Manchester vs Santiago

My own pictures of Manchester’s Warehouse Project (up-left) and a view on the city of Santiago du Chile (bottom-right).

When you travel during a certain amount of time, you always end up asking yourself what’s the link between all this. You start making assumptions and having opinions on everything, even if you see the reality of the places you’ve been through a prism. A shoddy prism, and many times discourteous to local cultures that’s for sure. But It only depends on you to try having a less-false and less-fantasized vision on things. It won’t ever be perfect, and sometimes fantasizing things can be great to make things look better – in that sense it only matters that we are satisfied by seeing colourful stories in our minds. Nonetheless, trying it hard to approach things with a less exotic sight can also be satisfying and rewarding in many senses.

It’s a jolly speech but don’t worry, I have a hard time to apply these things to myself – we all have. Now that it is said, let’s try to link two very different cities to see how they constructed their youth, their relationship to drugs and countercultures and how it shaped the way they live. Santiago and Manchester – let’s say the gran gran Manchester, including Sheffield and Leeds – are two interesting areas because their current situation has been built from a similar temporal structure. Both cities had a shifting point in the early eighties, when their youth were reborn with a protesting spirit. It’s where our story begin.

A whole generation’s skirmish

The soundtrack of this period is constituted by La Voz De Los 80’s from LOS PRISONIEROS in our Chilean side and Kino from CABARET VOLTAIRE in our British side. Both represent their years, both represent the struggle against the powers in place. When CABARET VOLTAIRE says ‘Everything. Devoured. I learn to hold my, will power.’ in James Brown, it can refers to the rude liberal shift with Thatcher arriving to office. Sheffield – and Manchester – were the two main industrial hearts of the UK. Both were ravaged, though Manchester embraced the need for renewal quicker than Sheffield. It’s from these places and from this time that ones of the most influential industrial and punk musical movements were born.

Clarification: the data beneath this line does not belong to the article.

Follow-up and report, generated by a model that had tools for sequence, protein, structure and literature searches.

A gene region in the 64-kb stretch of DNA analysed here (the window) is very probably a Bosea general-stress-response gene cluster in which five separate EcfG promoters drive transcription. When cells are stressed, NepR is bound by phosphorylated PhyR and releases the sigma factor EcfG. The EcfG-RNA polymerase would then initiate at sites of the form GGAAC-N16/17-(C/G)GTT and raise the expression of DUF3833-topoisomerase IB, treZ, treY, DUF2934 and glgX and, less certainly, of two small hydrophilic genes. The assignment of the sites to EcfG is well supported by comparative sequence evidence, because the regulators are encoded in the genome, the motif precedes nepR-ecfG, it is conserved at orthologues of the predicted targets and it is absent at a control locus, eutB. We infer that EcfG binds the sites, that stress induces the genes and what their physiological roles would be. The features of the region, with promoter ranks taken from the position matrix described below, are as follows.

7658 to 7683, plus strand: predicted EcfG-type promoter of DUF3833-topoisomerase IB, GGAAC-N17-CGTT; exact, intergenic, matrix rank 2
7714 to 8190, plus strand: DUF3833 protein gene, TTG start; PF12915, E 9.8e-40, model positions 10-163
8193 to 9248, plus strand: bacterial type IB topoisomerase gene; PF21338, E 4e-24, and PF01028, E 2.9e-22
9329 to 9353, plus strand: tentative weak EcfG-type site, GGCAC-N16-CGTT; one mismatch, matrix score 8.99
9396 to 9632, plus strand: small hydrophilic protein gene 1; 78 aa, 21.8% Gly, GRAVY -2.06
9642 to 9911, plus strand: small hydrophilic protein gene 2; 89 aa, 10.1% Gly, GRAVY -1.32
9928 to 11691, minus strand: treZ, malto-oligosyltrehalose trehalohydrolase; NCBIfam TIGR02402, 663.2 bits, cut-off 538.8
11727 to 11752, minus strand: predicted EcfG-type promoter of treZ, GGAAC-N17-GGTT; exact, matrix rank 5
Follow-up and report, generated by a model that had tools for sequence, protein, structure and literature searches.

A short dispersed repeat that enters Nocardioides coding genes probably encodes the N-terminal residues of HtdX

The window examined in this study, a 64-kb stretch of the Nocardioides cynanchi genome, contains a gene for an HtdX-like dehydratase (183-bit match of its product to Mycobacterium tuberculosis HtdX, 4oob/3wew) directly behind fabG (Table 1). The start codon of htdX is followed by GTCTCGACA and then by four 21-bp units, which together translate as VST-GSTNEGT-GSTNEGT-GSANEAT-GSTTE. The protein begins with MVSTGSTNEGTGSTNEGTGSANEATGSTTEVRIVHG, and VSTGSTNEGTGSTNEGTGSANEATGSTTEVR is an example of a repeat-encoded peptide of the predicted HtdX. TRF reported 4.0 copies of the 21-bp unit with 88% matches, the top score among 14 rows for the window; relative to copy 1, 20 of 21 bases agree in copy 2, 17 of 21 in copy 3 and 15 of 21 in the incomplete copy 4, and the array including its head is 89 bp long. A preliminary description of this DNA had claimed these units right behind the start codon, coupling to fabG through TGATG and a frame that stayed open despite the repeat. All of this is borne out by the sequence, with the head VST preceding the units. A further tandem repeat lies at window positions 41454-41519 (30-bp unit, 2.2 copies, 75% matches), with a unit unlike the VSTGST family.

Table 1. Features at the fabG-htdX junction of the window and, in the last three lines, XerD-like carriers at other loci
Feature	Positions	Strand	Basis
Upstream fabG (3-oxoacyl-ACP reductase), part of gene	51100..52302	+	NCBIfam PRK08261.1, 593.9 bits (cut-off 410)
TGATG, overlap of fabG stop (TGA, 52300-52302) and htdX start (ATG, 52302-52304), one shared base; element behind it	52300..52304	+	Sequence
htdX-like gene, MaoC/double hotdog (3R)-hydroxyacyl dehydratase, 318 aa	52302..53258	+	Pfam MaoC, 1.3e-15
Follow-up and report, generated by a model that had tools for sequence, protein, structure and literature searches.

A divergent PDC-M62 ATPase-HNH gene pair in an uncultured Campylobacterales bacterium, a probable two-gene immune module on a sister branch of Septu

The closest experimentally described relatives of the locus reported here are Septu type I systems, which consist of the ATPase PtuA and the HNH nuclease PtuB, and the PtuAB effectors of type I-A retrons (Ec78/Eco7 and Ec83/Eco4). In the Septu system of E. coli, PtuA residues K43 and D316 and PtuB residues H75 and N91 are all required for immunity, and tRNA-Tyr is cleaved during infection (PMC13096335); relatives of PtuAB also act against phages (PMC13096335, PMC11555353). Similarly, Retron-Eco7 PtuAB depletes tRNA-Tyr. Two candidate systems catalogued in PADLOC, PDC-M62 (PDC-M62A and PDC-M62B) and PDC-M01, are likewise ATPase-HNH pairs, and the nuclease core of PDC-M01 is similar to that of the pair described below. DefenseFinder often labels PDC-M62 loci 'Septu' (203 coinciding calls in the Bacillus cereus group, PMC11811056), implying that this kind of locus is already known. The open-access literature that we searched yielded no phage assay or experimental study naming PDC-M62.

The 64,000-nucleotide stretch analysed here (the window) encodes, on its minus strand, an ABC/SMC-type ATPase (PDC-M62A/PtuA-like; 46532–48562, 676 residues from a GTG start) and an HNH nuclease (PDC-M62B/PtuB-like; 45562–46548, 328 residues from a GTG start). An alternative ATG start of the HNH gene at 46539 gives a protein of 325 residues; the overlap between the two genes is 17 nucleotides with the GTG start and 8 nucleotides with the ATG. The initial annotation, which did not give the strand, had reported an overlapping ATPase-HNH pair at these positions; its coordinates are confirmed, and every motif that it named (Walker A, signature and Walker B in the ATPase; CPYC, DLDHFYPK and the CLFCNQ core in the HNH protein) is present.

And It’s something you still sense when you go to Sheffield. I had the chance to meet LO SHEA, the current main electronic curator of the city. He told me how important was Cabaret Voltaire for this generation:

‘All this industrial sound was started by them, and it reflected the geography and the landscapes of the culture here. That bleak harshness and the steel works, you can find it in their music.’

On its side, Manchester went deep into the Madchester phenomena, the bright years of Factory Records and the famous Hacienda. Counter-culture in its most perfect representation.

Chile on its side was in the middle of the Pinochet years. The early 80’s saw popular bands taking over the voice for contestation. LOS PRISONIEROS, one of the Chilean rock legend, was one of them. They’re a very interesting figure, as frontleader Jorge Gonzalez will also be one of the first person to bring electronic music to Chilean pop music later on. His Cumbia Triste inspired the current electronic generation of Santiago. In general, the politics of Chile has always been influenced by its musical movements. As far back as fifty years ago, songwriters like Victor Jara were ambassadors for the leftish revolution of Allende, just before Pinochet. In this sense, both England and Chile are two places that work in a same way when it comes to relating music and politics. And within that, Manchester was a musical place for contest as much as Santiago was, in a slightly different context.

Singular ways of living music

Jumping up until now, it’s interesting to see how it’s related with how each youth behave nowadays. Let’s face it: the mancunian youth is the one of Europe most degenerate one, having the highest rate of mothers before twenty, the highest drug consumption rate, and they’re also heavy when it comes to bringe drinking. I’ve seen it by myself, with parties in warehouses like Leeds Canal Mills with as much as 2/3rd of the 2000 people capacity clearly on MDMA. And if you want over proofs than physical impressions, you can also read the 2015 European Drug Report made by the European Monitoring Centre for Drugs and Drug Addiction. It pretty much says the same thing.